An ESB acts as a shared messaging layer for connecting applications and other services throughout an enterprise computing infrastructure. It supplements its core asynchronous messaging backbone with intelligent transformation and routing to ensure messages are passed reliably. Services participate in the ESB using either web services messaging standards or the Java Message System (JMS). Originally defined by analysts at Gartner, ESB is increasingly seen as a core component in a service-oriented infrastructure.
The most common way of defining an ESB is by listing the services it provides. These services include:
* transport mediation – not all services that need to be integrated use HTTP or JMS
* dynamic message transformation – not all services are going to use SOAP and are unlikely to require the same message structures
* intelligent routing
For example, you could plug a billing system based on JMS into an ESB and use the ESBs transport mediation features to expose the billing system over the Web using SOAP/HTTP.
Ideally, an ESB solution should use a standardized container model, such as J2EE, JBI, or OSGi, for managing deployed services.
Out of the box, the Fuse ESB supports JMS, HTTP, HTTPS, FTP, XMPP, Web services, and a number of other bindings. In addition, you can easily extend its connectivity options using other components that conform to either the OSGi or JBI specification.
In addition, Fuse ESB supports event driven architectures. Services deployed into the Fuse ESB container can be fully decoupled and will simply listen on the bus until an appropriate service request arrives. Fuse ESB also supports events that occur outside of the bus. For example, a JMS service can listen on a topic that is hosted outside of the bus and only act when an appropriate message arrives.
The Fuse ESB kernel is based on Apache Karaf, an OSGi-based runtime that provides a lightweight container into which you can deploy various components and applications.
Hot deployment: When a JAR file is added to the InstallDir/deploy folder, it is automatically installed inside the runtime.
Provisioning: Application provisioning through file-drop, Maven repository and remote download.
Dynamic configuration: Changes to the properties files contained in the InstallDir/etc directory are monitored and propagated to the relevant services.
In an OSGi environment applications are packaged into bundles. A bundle is a JAR that contains extra information about the classes and resources included in the bundle. The information supplied in the bundle includes:
* packages required by classes in the bundle
* packages being exported by the bundle
* version information for the bundle
The information in the bundle also allows the framework to manage multiple versions of a bundle.
# Hot deployment of artifacts
# Management of multiple versions of a package, class, or bundle
# Dynamic loading of code
Karaf supports the following OSGi 4.2 containers:
* Apache Felix Framework 2.0.0
* Eclipse Equinox 3.5.
In Fuse ESB 4.3, the default container is Equinox. To change your OSGi container, set the karaf.framework property to felix in the etc/config.properties file.
You can deploy Java Business Integration (JBI) 1.0 service assemblies and service units in Fuse ESB.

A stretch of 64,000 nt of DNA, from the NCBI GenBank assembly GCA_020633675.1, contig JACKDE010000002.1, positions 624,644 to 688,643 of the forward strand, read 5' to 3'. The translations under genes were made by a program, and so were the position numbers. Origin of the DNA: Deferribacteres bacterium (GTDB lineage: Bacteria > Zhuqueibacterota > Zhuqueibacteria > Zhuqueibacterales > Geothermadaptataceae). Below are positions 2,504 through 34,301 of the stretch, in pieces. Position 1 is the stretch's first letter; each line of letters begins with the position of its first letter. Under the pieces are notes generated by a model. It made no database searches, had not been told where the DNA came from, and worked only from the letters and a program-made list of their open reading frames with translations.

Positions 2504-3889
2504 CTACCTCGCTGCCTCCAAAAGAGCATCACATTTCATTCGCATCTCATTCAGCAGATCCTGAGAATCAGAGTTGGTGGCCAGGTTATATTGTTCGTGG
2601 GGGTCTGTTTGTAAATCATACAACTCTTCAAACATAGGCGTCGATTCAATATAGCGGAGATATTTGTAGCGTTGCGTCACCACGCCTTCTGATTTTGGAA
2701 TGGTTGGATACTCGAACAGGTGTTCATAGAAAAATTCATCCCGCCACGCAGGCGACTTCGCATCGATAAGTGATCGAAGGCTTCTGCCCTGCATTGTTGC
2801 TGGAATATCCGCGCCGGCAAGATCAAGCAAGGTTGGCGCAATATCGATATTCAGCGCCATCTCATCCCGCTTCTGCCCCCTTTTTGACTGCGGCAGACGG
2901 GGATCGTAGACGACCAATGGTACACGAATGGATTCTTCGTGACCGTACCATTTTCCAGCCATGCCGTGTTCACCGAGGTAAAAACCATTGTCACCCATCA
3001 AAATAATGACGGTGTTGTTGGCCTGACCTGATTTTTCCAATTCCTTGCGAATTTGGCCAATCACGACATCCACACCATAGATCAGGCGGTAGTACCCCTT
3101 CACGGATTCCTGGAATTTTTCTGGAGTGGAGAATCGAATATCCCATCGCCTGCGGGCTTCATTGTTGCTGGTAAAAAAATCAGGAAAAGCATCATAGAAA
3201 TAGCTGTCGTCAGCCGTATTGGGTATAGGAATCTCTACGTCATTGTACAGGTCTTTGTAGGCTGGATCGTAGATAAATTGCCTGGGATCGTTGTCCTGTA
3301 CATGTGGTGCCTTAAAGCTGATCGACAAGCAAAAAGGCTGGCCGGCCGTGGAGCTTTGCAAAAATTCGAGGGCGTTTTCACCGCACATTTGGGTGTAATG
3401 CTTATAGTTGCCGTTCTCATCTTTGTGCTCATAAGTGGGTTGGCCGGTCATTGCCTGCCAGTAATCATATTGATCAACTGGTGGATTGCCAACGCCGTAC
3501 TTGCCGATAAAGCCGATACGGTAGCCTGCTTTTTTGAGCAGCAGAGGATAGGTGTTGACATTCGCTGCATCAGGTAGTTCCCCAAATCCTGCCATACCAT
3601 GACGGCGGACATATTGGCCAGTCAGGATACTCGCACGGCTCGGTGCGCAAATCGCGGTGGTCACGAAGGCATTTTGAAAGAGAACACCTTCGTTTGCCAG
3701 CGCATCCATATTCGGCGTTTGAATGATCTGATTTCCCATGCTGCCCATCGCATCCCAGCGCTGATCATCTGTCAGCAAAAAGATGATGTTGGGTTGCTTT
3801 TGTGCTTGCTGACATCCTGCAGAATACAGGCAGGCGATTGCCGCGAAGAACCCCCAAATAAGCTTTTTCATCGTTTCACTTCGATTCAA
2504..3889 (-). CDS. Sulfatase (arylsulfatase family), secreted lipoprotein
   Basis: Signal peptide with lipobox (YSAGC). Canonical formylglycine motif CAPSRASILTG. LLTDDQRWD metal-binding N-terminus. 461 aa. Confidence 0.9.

Apache ActiveMQ message brokers can be deployed and managed as OSGi bundles.
You can deploy JAX-WS and JAX-RS RESTful web services built using Apache CXF.
You can add any Spring configuration file to the deploy directory and Fuse ESB will generate an OSGi bundle on the fly and instantiate the Spring application context.
You can implement enterprise integration patterns in Apache Camel and deploy them in Fuse ESB.
The Fuse ESB console is a shell environment, based on Apache Felix Gogo, that enables you to control the Fuse ESB runtime.
The command console provides subshells to manage artifacts, including OSGi bundles, collections of bundles, JBI artifacts, and OSGi bundle repositories (OBRs).
/etc—kernel and bundle configuration files
/system—contains the OSGi bundles to be installed at runtime, organized as a Maven 2 repository. By default, Fuse ESB first checks this folder when resolving a required artifact, before checking the user’s local Maven repository.
A feature is a named, versioned collection of OSGi bundles that work together to provide some functionality.
You can specify the features that Fuse ESB installs when it first starts up and the initial set of registered feature URLs using the etc/org.apache.karaf.features.cfg file.
Fuse ESB uses the OPS4j Pax Logging system, a standard OSGi logging service that also supports the following APIs:
* Apache Log4j
* Apache Commons Logging
* Java Util Logging
By default, Fuse ESB installs and activates support for Spring Dynamic Modules (Spring DM), which integrates Spring with the OSGi container. This means that it is possible for you to include Spring configuration files, META-INF/spring/*.xml, in your bundle. One of the key consequences of having Spring DM enabled in the OSGi container is that the lifecycle of the Spring application context is automatically synchronized with the OSGi bundle lifecycle:
* Activation—when a bundle is activated, Spring DM automatically scans the bundle to look for Spring configuration files in the standard location (any .xml files found under the META-INF/spring/ directory). If any Spring files are found, Spring DM creates an application context for the bundle and creates the beans defined in the Spring configuration files.
* Stopping—when a bundle is stopped, Spring DM automatically shuts down the bundle’s Spring application context, causing any Spring beans to be deleted.